I’d like to be able search for more than one tag at once. Currently you can only search for one tag at a time–no Boolean searching in the Tag Browser.

Jezmynne Westcott: I’d like to include LCSH in the tag clouds!

6) In view of the recent LC report and the growing move toward open source software for catalogs, do you have any thoughts on how social cataloging might fit into the mix?

Jezmynne Westcott: I prefer something like “Catalog, 2.0” over “social cataloging” as I think, with the exchange and sharing of MARC records across libraries for years now, we’ve already been “socially cataloging.” But getting back to your question, I think this will become more commonplace. 2.0 concepts like tagging, community reviews, and rating items involves the user and gives them a feeling of engagement and ownership with the content. Isn’t this what we want? Our users to feel engaged in our resources? Feel ownership of our community collections? I would love to see library catalogs with streams of discussions and comments about the materials, like you see with online forums. I would love to see the rating of books and tagging of items to pair natural language descriptors to the LCSH. As a web user, I’ve come to expect these things in the sites I use, and I feel our users should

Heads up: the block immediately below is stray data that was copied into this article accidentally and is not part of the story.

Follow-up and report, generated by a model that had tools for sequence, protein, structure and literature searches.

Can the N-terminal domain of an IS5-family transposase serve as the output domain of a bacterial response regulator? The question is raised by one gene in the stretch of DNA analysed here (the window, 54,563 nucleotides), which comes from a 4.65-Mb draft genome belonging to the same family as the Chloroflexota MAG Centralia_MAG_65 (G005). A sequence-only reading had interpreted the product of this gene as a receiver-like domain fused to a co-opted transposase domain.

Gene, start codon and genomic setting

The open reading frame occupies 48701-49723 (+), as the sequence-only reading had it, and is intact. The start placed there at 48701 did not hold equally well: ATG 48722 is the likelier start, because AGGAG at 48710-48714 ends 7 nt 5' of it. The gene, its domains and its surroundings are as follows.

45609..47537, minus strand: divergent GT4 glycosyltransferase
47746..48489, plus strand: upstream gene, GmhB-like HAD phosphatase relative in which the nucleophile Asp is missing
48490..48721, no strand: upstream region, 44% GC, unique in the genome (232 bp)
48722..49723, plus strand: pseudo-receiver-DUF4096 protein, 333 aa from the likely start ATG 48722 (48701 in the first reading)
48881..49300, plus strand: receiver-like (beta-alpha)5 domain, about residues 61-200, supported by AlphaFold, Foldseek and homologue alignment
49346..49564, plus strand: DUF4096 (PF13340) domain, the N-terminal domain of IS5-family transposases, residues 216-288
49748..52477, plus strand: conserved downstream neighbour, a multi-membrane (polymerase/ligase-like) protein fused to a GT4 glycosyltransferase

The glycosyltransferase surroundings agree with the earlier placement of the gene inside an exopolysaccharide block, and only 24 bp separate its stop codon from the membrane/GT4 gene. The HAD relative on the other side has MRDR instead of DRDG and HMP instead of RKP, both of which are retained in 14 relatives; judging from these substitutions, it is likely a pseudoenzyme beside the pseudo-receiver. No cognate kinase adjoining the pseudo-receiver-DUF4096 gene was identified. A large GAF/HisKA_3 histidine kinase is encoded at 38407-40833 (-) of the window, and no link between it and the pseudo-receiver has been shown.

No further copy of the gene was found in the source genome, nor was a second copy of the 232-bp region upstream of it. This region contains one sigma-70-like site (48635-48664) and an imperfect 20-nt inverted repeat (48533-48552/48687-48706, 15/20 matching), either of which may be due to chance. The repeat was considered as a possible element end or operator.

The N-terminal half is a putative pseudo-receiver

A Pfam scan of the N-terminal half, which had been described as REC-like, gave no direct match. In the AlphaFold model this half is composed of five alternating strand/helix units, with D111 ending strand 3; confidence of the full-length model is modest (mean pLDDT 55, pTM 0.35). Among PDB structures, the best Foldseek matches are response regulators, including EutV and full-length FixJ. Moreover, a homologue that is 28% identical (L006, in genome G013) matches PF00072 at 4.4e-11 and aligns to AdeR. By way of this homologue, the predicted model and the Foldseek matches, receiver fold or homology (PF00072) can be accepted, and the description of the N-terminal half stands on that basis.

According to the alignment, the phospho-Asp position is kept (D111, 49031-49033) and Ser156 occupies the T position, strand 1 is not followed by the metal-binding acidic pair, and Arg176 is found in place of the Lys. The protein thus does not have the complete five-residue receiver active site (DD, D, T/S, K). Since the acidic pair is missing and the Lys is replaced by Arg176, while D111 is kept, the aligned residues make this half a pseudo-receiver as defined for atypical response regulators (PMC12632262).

expect them from us, as well. Additionally, with the movement towards defining “active” collections in a local setting and other collections in page-able repositories, the context the community provides will prove helpful for us and them in determining what is useful and valuable.

Thanks for indulging my curiosity! By the way, I love so many things about the way your catalog is laid out. It’s much more user friendly than the catalog at my own library, in spite of our efforts.

Candace Lebel: Thanks! It’s a work-in-progress so keep checking back.

Alexandra Chappell: Thanks for the compliment!

Jezmynne Westcott: I say, try some things out! Gather a few interested people at your place of employ, look at some options, and try on some wrappers like LTFL or others. There are some really cool things out there! Or, chuck it all and migrate! : )